Winter is coming; is your house ready? We prepare ourselves for the winter by purchasing warmer clothes or installing snow tires on our vehicles, but many of us don’t think about preparing our homes as well.
Still, just like anything else, your house is affected by cold weather and snow. By working through this simple, nine-step home winterization checklist, you can help keep your home warm and safe while keeping your energy bills low.
Your first order of business, when getting ready for the impending cold snap, is to ensure you’ll have heat when the chill arrives.
If you haven’t run your heating system in a while, turn it on to make sure everything is functioning correctly. Additionally, it’s wise to:
If you feel drafts in your home, your money could be going right out of the window – literally. Drafty windows and doors allow heated air to escape your home and cold air to enter it, which can increase your monthly heating bill by up to 25%.
To block drafts from coming through your windows and doors, consider adding the following material to door and window frames:
Some homeowners also use insulated curtains as extra reinforcement for window drafts.
If you’re unsure where the leaks are coming from, an energy audit can identify where leaks are occurring, and professionals can properly seal them in a matter of minutes.
Have you taken proper measures to protect your air conditioner against the harsh winter?
Cleaning and covering the condensing unit staves off the damage that can be done by wet leaves and debris which can accelerate rusting or cause freezing in your AC unit’s internal components.
Protecting your equipment means that when warmer months come around, your AC will be functioning properly.
If your roof shows signs of aging, not only will your heating bills increase this winter, but you may also be prone to leaks and water damage that can set you back some serious cash in repairs.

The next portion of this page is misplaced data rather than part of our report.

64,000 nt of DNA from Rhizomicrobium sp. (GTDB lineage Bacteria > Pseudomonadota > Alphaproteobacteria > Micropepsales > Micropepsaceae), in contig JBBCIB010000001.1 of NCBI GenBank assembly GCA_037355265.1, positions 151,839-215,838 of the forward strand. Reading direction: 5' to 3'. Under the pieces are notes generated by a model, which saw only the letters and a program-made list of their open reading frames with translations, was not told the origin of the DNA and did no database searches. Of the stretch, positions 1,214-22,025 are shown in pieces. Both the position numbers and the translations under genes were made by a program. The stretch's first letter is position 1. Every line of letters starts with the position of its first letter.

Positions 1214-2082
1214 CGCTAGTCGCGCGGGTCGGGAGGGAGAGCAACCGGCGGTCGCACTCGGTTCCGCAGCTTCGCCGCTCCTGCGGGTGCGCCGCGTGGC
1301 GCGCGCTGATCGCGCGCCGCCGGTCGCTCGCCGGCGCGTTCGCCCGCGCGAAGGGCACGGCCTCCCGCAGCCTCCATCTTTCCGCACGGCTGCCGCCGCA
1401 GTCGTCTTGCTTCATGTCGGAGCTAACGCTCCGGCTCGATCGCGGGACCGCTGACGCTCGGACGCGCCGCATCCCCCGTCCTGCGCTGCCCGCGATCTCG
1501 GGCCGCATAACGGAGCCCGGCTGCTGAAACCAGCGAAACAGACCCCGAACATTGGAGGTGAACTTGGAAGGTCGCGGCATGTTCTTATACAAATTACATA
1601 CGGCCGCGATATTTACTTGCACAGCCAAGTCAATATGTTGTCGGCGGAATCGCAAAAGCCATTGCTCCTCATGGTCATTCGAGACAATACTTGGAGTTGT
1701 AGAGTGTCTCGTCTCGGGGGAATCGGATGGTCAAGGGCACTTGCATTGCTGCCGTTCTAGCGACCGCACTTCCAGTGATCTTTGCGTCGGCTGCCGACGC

To see if your roof is winter-ready, check for:
If anything looks awry, have repairs made immediately to secure your home for heavy snowfall.
Take the time to remove all of the screen windows and doors in your house and replace them with storm windows and doors.
Besides adding a layer of insulation, and helping reduce air leaks, storm windows help protect your primary windows from winter elements, which screen windows would allow in.
If the power goes out in the middle of winter, it’s critical to be prepared to protect your family and your home. Many Northeasterners invest in a generator for a backup power supply in case the storms get too intense.
Before winter strikes, test your equipment to make sure it’s functioning when you need it most. If you haven’t in a while, give your equipment routine maintenance.
If your home has a fireplace, you should get your chimney inspected annually. In addition to the energy benefits it offers, it is crucial for your family’s safety. Every year, 25,000 homes across the country suffer from fires due to poor chimney maintenance.
As a member of the National Chimney Sweep Guild, Santa Energy can clean your chimney and inspect it for potential obstructions. We also check the chimney draft to ensure the chimney will draw up the fire and smoke properly and inspect the brick inside your chimney for gaps and exposed walls that are susceptible to danger from rogue sparks.
Protect your pipes from freezing this winter by insulating exposed piping, both inside and outside your home. Don’t overlook piping in your attic, basement, or crawl spaces that aren’t visible to you day-to-day.
To insulate the piping, wrap them with electrical heating tape first, then foam insulating sleeves (or more industrial material) to protect them from the winter weather.
If you plan to leave your home for the winter for an extended period of time, it’s always wise to consider shutting off your water altogether to avoid and costly mishaps from frozen pipes or water damage.
Additionally, if you have a sprinkler system at your home, make sure to also blow the water out of their pipes as well to reduce cracking in your system.
There are several small adjustments you can make to your day-to-day habits and home upkeep that will decrease your energy bills, even more, this winter. For example:
For more recommendations to optimize your home’s energy, or for more winterization tips, consider the following resources: